In the case at bar, the information in the doctors' letters not only evidenced apparently serious and competent medical advice based on adequate opportunity to observe, but contained statements of professional opinion which could have entitled appellant to a different classification.6 The failure of the board to consider the letters is not, as the district court thought, cured by the subsequent special psychiatric examination conducted by the Army, since appellant at this point had been denied his rights to appear and appeal within the Selective Service system. This deprivation of procedural rights was such that the final order to report for induction was invalid and appellant's conviction cannot stand. Mulloy v. United States, supra.
Accordingly, we do not consider the appellant's further contentions concerning other practices of the local board, Selective Service headquarters and AFEES. Nor must we resolve the question of appellant's intent in failing to report for induction. Let it suffice to say that the lodging of broad discretion in local Selective Service boards carries the concomitant duty of its exercise and that such exercise is predicated upon consideration of available information.
The waiver, it appears, was erroneously issued on the basis of misinformation. This error is asserted as another ground for reversal but on the view we take of the case requires no further discussion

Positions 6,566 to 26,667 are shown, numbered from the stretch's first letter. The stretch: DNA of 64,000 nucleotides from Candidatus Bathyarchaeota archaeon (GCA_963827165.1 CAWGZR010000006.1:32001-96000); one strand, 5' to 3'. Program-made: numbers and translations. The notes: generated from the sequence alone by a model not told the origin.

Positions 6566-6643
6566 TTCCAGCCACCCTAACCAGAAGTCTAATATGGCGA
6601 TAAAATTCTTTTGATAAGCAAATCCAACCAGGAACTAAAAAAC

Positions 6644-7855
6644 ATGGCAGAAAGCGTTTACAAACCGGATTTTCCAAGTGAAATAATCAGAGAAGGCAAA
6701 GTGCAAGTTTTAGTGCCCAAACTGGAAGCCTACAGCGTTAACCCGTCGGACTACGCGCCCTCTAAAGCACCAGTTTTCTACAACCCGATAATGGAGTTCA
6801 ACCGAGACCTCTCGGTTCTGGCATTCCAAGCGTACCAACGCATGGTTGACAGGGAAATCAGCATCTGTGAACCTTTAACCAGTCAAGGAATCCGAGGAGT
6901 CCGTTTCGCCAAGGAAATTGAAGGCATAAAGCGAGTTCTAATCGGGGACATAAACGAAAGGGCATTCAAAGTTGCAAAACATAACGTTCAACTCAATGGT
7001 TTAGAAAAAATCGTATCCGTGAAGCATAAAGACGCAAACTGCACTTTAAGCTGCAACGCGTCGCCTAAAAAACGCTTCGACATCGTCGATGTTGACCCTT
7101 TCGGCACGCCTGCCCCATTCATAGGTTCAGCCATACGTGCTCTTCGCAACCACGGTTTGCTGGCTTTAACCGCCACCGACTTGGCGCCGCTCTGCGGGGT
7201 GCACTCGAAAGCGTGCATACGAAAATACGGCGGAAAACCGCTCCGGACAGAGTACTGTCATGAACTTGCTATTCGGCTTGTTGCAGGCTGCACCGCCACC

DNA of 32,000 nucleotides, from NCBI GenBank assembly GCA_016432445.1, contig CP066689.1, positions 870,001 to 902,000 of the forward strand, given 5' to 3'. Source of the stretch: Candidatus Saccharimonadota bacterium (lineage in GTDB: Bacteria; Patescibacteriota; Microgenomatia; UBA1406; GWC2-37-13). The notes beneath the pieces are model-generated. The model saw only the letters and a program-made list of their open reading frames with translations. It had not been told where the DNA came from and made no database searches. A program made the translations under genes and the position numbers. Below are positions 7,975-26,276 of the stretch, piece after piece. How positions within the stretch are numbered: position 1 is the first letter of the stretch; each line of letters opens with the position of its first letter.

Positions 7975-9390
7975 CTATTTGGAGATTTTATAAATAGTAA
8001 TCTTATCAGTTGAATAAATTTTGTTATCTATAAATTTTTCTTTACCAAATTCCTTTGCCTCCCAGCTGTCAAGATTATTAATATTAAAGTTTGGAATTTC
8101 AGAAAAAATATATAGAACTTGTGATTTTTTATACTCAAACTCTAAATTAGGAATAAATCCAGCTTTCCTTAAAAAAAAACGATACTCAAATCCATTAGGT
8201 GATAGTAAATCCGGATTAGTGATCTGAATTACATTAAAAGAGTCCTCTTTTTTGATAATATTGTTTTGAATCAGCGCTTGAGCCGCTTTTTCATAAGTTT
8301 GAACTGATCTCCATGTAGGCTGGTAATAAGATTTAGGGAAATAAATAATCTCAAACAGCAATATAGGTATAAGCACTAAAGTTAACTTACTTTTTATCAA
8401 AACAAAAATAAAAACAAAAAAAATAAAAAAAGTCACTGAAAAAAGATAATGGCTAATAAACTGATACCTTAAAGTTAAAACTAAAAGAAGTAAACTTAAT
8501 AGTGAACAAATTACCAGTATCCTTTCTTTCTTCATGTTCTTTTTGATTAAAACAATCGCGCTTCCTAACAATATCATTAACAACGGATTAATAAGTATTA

While the letters were received by the board subsequent to the sending of the first order to report, they antedated the sending of the third and critical induction notice of September 3 by six weeks. They cannot, therefore, be considered as 'post-induction order' information
Following this examination, appellant was ordered to report on September 18 but did not, having voluntarily entered a Connecticut mental hospital at the urging of his doctor and family. He was discharged a month later. On January 6, 1969, appellant's case was reported to the U.S. Attorney for prosecution
Even if the letters were thought to be received after the order to report for induction was mailed, the board can reopen if it 'specifically finds there has been a change in the registrant's status resulting from circumstances over which the registrant had no control', 32 C.F.R. 1625.2. We would assume that in this circumstance the board should have access to the facts before it made its decision as to a change in status
Including the registrant, the government appeal agent, any person claiming to be a dependent of the registrant, or any person who has on file a written request for the current deferment of the registrant in a case involving occupational deferment
The Army Regulations list as cause for rejection for induction personality disorders including the following:
'a. Character and behavior disorders, as evidenced by
(1) Frequent encounters with law enforcement agencies, or antisocial attitudes or behavior which, while not a cause for administrative rejection, are tangible evidence of an impaired characterological capacity to adapt to the military service.
(4) Drug addiction. b. Character and behavior disorders where it is evidence of history and objective examination that the degree of immaturity, instability, personality inadequacy, and dependency will seriously interfere with adjustment in the military service as demonstrated in school, with employers and fellow-workers, and other society groups.' Army Regulation 40-501.